I’m usually hesitant to share pics that have been posted on other sites (except Craigslist and eBay posts, of course). When I stumbled across this unusual Skip Frye bonzer that’s currently listed for sale, though, I knew I had to share the good word. First, news of the board’s sale was originally posted to Surfer’s online forum (link here). You can contact the seller via that link. Second, the photo of the Skip Frye bonzer was originally shared on Surfy Surfy’s awesome blog. You can find the original Surfy Surfy link here. Hit up Surfy Surfy’s site for more pics of the board. And if you find yourself in sunny Leucadia, Surfy Surfy and its sister coffee shop — yup, named Coffee Coffee — are worth an in-person visit.
As for a bit of background on the board, you can find a more detailed rundown in the link to the Surfer Forum post. The Skip Frye bonzer measures in at 6’10” x 21.5″ x 2.5″ (apparently ‘just shy of 2.5″‘, according to the seller). I freaked out when I first saw the board, as I have never seen a Skip Frye-shaped bonzer before. However, turns out that the board was originally shaped in the Eighties as an egg with a thruster fin setup. The board was later converted into its current five fin iteration. The other interesting thing about this Skip Frye stick is the prominent Moonlight Surfboards logo. I can’t recall off the top of my head if I have seen any other of Skip’s boards with a similar laminate, but it’s definitely unusual.
The seller doesn’t list a price with the board, and I think it’s safe to assume that he’s expecting a Godfather offer. I hesitated to even call this guess an educated one, but I would be surprised if the Skip Frye bonzer changed hands for less than $1,500. As for my personal preferences, if I were to shell out the money for one of Skip’s prized sleds, I would prefer an all-original fin setup. Then again, that’s just me, and that’s not to take anything away from this neat Frye bonzer.
Anyway, you can check out the Surfer Forum link here to contact the seller, and make sure you check out Surfy Surfy’s blog here for more pics of the Skip Frye bonzer.
There are few things more uncomfortable than watching an established older brand clumsily try to adopt a recent and unfamiliar trend. It’s the branding equivalent of a middle-aged guy rocking a pair of fancy jeans with embroidery on the back pockets. (I love Harbour Surfboards, but their 80s logo redesign is not my favorite.) Like any rule, though, there are exceptions. Surfboards Hawaii Mike Slingerland surfboards stand out as the rare example of a venerable old surfboard that managed an elegant transition into producing “modern” shortboards.
There are two Surfboards Hawaii Mike Slingerland shortboards currently up for sale on Craigslist, courtesy of Shred Sledz favorite “Jeff in LA”. I know nothing about Jeff except that he sells a lot of reasonably priced vintage boards on Craigslist, oftentimes with interesting SoCal pedigree. You can see his seller page here. The first board, pictured above, is an 80s 6′ quad fin, and the listing can be found here. Maybe my fondness for these board betrays my love of 80s surf graphics above all else, but I think this thing is so cool.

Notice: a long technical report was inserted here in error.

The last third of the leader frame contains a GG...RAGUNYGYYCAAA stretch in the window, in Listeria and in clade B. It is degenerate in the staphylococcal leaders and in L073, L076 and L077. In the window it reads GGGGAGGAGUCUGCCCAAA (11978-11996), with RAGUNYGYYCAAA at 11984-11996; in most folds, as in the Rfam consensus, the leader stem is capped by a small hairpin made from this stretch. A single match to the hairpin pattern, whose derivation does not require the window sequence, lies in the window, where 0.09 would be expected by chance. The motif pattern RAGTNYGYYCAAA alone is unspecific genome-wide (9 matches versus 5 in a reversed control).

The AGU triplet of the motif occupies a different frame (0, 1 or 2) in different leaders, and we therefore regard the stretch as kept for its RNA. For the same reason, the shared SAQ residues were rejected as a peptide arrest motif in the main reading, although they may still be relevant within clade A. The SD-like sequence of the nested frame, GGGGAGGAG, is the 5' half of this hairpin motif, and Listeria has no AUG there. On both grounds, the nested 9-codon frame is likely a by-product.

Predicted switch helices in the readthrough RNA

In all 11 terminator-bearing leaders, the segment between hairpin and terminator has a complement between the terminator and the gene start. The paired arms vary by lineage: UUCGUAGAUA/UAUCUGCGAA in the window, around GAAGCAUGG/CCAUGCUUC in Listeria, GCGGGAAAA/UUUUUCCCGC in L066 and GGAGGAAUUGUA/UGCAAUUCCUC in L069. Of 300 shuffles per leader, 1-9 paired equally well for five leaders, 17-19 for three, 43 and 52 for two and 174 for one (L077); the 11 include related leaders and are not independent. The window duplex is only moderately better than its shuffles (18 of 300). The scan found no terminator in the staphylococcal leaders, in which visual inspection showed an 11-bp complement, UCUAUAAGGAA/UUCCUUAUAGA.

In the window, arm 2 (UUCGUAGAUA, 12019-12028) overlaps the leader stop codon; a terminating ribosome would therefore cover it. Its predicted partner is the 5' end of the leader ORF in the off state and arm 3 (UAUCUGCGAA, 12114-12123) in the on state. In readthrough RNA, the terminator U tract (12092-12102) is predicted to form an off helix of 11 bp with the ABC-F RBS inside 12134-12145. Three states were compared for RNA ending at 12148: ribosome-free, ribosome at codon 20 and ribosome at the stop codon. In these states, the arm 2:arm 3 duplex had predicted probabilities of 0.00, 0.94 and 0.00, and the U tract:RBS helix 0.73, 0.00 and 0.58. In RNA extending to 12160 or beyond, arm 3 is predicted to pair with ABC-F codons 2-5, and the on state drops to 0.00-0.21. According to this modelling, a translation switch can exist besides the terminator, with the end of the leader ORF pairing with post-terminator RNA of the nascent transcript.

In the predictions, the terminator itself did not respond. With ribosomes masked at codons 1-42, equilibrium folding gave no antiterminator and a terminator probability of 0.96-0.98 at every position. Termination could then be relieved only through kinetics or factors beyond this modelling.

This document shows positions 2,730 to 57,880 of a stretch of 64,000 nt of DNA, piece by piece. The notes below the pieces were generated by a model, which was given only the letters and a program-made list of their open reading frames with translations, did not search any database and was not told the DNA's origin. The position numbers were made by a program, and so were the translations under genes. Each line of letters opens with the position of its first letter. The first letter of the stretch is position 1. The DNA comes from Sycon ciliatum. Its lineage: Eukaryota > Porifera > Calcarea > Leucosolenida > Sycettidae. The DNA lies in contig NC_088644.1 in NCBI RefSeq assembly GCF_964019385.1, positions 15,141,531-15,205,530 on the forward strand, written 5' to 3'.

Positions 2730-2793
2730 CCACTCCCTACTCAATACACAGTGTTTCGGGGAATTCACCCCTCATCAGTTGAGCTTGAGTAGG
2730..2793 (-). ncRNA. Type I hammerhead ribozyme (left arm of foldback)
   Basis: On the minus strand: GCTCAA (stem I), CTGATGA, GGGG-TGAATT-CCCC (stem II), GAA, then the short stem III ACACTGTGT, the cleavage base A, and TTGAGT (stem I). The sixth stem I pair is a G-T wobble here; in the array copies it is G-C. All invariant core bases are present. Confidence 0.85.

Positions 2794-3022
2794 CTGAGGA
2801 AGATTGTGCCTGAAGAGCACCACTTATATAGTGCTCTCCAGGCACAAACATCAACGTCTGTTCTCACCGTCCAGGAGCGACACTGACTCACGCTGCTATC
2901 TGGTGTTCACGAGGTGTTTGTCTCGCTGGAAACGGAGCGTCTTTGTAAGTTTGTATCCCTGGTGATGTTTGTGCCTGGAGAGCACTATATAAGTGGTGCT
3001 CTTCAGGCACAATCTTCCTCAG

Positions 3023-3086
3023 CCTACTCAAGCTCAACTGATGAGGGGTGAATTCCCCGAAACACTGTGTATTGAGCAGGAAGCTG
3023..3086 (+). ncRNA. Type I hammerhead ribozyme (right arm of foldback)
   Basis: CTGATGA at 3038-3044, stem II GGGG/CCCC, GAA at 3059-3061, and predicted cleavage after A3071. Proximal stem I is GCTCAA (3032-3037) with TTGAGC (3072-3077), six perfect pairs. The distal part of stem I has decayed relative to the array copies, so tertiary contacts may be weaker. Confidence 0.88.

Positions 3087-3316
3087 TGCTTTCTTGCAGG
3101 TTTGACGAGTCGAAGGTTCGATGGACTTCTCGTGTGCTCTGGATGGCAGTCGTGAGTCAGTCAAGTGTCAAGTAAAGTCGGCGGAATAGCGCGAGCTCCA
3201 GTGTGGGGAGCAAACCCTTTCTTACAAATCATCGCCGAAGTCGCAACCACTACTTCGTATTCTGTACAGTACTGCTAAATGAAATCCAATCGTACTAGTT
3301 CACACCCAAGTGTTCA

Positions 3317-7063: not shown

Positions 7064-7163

The second Surfboards Hawaii Mike Slingerland board is a 6’6″ thruster (really a 2+1…or if you want to get technical, a 1+2), and the board can be found here. The “red logo” board has a bunch of Slingerland trademarks, including channels on the bottom with a complementary airbrush, and then a cool fan logo I had never seen before. Neither of the boards is expensive, either: $240 and $225 for the quad fin and the “red logo” thruster, respectively. These aren’t in mint condition, but I think a watertight board without any major surgery for under $250 isn’t too shabby.
Sadly, there is very little written online about the history of Surfboards Hawaii. Founded by Dick Brewer, Surfboards Hawaii produced some of the most elegant longboards of the 1960s. At some point, Mike Slingerland began to shape for the brand. My guess is that was sometime in the 1970s, and he stayed on at least through the 1980s. You don’t see a ton of Surfboards Hawaii examples from the 70s and the 80s, and of the ones I glimpse, many of them have Slingerland’s name attached. Most recently, Slingerland has been shaping boards for San Diego surf shop Surfy Surfy, and I believe he currently lives in San Diego.
The Surfboards Hawaii Mike Slingerland boards could not be more different from their prececessors. And while the Slingerland examples are a far cry from the noseriders and subtle logos of the 1960s, they are undeniably rad in their own distinct way.
Greetings, Shredderz! I’d love nothing more than to put you on to another 70s single fin, brought to you by a California shaper.
Pictured here is a 7′2″ Caster single, apparently shaped in the late 1970s, that is up for grabs on Craigslist in San Diego. It looks to be in pretty good shape beneath the wax job, and the poster claims the board hasn’t even seen the water in about 30 years or so. I’ve also included a picture of the fin, which is stunning. It looks like there’s a wood inlay on the fin, which is a beautiful touch.
According to Stoked-n-Board, Caster boards were produced in sunny San Diego from 1965 to 1981. Sadly, Billy himself passed away in 1985. Caster is a longtime favorite of wonderful San Diego-based Surfy Surfy. JP St Pierre, the owner of Surfy Surfy, notes how his father was best friends with Caster back in the day. Surfy Surfy’s blog features these beautiful boards whenever he comes across them, and I highly recommend checking out their archives.
As a side note, Caster’s brother in law was none other than Hank Warner, a well-regarded shaper who spent a long time making boards for Gordon & Smith.
Anyway, if you’re interested in this board, you can check it out here. It’s currently being offered for $450 – not cheap, but hey, it’s always free to look at the pics.